The number of claims for unemployment benefits decreased in the United States again last week but remained in the same relatively narrow range it has been in for more than two months, the Labor Department reported Thursday.
The government said 375,000 jobless workers filed for compensation, down 12,000 from the revised figure the week before.
The weekly number of new claims, which roughly correlate to recent layoffs, has ranged from 368,000 to 424,000 since late May, still substantially higher than the 218,000 figure in 2019 before the coronavirus pandemic swept through the United States and severely disrupted the world’s biggest economy.
In July, the U.S. added 943,000 jobs, which President Joe Biden said Wednesday was the seventh biggest month of job creation in U.S. history and followed 938,000 new jobs in June. The unemployment rate has now dropped to 5.4%, still a couple percentage points higher than before the onset of the pandemic in March 2020.
In all, the U.S. lost about 22 million jobs in the early months of the pandemic and now has recovered 16.7 million of them.
The U.S. says its economy advanced at an annualized 6.5% rate in the April-to-June period, a slightly faster pace than in the first three months of the year.
The size of the U.S. economy — nearly $23 trillion — now exceeds its pre-pandemic level as it recovers faster than many economists had predicted during the worst of the business closings more than a year ago.
But the surging delta variant of the coronavirus is now threatening to impair business activity in some regions of the U.S.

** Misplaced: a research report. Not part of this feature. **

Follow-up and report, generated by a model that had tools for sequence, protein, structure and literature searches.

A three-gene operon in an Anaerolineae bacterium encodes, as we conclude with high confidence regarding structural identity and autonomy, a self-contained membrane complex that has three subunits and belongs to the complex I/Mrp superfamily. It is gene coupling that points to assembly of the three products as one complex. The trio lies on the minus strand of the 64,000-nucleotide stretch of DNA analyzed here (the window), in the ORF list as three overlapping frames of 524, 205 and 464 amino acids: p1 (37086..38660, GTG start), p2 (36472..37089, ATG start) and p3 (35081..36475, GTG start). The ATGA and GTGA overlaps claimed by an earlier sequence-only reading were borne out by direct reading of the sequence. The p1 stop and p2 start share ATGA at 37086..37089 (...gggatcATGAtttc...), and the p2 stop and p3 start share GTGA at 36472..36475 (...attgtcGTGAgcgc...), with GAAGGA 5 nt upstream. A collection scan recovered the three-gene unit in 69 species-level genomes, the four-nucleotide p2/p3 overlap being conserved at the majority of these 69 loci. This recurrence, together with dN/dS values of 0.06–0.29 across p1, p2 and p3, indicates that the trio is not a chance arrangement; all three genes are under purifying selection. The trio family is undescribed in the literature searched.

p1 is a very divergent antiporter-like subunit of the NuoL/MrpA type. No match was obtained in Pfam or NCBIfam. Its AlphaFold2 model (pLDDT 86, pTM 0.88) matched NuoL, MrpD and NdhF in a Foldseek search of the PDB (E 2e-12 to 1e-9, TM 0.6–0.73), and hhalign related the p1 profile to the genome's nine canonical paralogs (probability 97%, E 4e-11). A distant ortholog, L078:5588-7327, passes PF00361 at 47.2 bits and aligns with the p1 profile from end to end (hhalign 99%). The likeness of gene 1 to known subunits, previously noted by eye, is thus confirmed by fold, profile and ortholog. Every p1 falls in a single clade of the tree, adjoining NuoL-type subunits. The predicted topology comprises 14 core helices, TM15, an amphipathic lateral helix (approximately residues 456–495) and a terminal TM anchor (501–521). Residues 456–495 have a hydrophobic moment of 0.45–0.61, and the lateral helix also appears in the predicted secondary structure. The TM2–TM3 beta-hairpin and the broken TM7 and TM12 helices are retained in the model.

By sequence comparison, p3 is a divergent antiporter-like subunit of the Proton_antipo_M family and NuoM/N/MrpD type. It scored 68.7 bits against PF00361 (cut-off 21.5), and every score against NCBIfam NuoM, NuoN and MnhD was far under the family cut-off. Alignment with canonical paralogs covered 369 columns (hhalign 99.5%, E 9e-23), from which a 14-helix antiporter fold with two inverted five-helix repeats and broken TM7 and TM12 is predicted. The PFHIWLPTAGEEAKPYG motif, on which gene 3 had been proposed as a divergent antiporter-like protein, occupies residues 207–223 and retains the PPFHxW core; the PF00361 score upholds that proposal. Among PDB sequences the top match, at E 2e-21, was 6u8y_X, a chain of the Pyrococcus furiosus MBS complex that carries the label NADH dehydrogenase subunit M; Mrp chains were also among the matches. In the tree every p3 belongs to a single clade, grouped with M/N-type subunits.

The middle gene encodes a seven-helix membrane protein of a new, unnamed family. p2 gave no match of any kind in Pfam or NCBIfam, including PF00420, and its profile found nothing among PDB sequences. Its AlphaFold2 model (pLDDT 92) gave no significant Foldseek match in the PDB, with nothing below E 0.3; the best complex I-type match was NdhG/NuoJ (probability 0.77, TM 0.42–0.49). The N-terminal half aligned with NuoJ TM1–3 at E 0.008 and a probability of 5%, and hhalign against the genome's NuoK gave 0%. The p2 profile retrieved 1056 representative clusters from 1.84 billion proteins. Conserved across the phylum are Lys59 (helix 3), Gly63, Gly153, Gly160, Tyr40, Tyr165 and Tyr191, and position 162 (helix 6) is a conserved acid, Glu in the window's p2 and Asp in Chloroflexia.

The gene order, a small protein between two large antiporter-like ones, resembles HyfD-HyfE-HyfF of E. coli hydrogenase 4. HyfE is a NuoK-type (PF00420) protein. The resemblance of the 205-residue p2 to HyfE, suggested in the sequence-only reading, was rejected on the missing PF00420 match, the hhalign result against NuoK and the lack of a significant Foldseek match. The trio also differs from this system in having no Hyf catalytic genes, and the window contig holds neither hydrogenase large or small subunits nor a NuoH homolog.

The second quarter growth was fueled with widespread business reopenings, vaccinations for millions of people and trillions of dollars in government pandemic aid that was sent to all but the wealthiest American families.
The weekly unemployment benefit claims total has tracked unevenly in recent weeks, but overall has fallen by more than 40% since early April, while remaining well above the pre-pandemic levels.
Some employers are offering new hires cash bonuses to take jobs as the economy rebounds and consumers are willing to spend.
State governors and municipal officials across the U.S. have been ending coronavirus restrictions, in many cases allowing businesses for the first time in a year to completely reopen to customers. That could lead to more hiring of workers.
The number of new coronavirus infections recorded each day has increased by tens of thousands in recent weeks and growing, especially in parts of the U.S. where millions of people have resisted getting vaccinated.
Political disputes have erupted in numerous states where conservative Republican governors have resisted imposing mandatory face mask and vaccination rules at schools and businesses. Some education and municipal leaders are advocating for tougher rules to try to prevent the spread of the variant.
The number of new vaccinations had been falling in the U.S. but is now increasing as more people see others in their communities hospitalized from the virus and their lives endangered.
More than 61% of U.S. adults have now been fully vaccinated against the coronavirus.